“We efficiently apply our water and resources in a way that we are very fortunate,” he says. “We have 70 years of experience, and that experience of course pays off very well. We have the right farmers with the right attitude.”

But Assiter notes that the oddest thing by far about 2020 has been the huge demand for pumpkins. With people staying at home and spending more time with family, they’re more focused on time-honored traditions, like carving jack-o’-lanterns at Halloween time, he believes.

“The demand to ship them out and get them to the public has just been tremendous,” he says. “It’s been twice as much as usual.”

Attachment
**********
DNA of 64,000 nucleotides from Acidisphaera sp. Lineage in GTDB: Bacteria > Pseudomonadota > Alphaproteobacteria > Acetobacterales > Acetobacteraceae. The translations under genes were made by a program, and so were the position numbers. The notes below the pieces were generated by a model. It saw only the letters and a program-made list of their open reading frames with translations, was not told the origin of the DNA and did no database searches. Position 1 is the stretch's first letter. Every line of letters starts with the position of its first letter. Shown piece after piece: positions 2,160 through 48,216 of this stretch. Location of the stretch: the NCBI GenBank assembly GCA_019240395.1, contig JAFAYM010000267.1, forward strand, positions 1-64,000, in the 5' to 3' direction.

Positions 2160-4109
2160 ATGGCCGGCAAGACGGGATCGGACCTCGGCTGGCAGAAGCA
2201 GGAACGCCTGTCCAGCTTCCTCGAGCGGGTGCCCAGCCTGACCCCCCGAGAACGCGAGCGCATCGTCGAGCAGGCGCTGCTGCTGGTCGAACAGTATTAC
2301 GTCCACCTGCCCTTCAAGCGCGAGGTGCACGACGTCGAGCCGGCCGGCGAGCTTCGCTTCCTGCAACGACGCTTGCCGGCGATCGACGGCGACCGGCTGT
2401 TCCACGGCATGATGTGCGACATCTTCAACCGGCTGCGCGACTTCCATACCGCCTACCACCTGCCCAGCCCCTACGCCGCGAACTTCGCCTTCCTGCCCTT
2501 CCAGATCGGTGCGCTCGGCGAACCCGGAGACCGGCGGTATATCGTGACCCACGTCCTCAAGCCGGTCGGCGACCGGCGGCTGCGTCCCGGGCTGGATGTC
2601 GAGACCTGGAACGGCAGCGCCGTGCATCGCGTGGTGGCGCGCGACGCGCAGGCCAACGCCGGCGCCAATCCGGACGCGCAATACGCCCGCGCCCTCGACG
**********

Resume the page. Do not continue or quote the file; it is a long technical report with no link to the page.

Assiter Punkin Ranch, like most pumpkin patch destinations, is still open for visitors this year, despite the pandemic. It’s the perfect way to spend time outdoors and social distance, Assiter says. And he’s glad people are still coming out because seeing the smiles on kids’ faces is the best part of pumpkin farming.

“The smiles those pumpkins bring, it’s a very important part,” he says.

Patch Perfect

Here are some of the best pumpkin patches in the Lone Star State, some that grow their own pumpkins on-site and others that have them shipped in from places like Floydada.

Assiter Punkin Ranch
Visit the ranch to see pumpkin varieties in all shapes and colors, tour the farm, and learn how the crops are grown. Enjoy other fun fall activities, like a ride on a pumpkin-shaped train and visit to the petting zoo.

Barton Hill Farms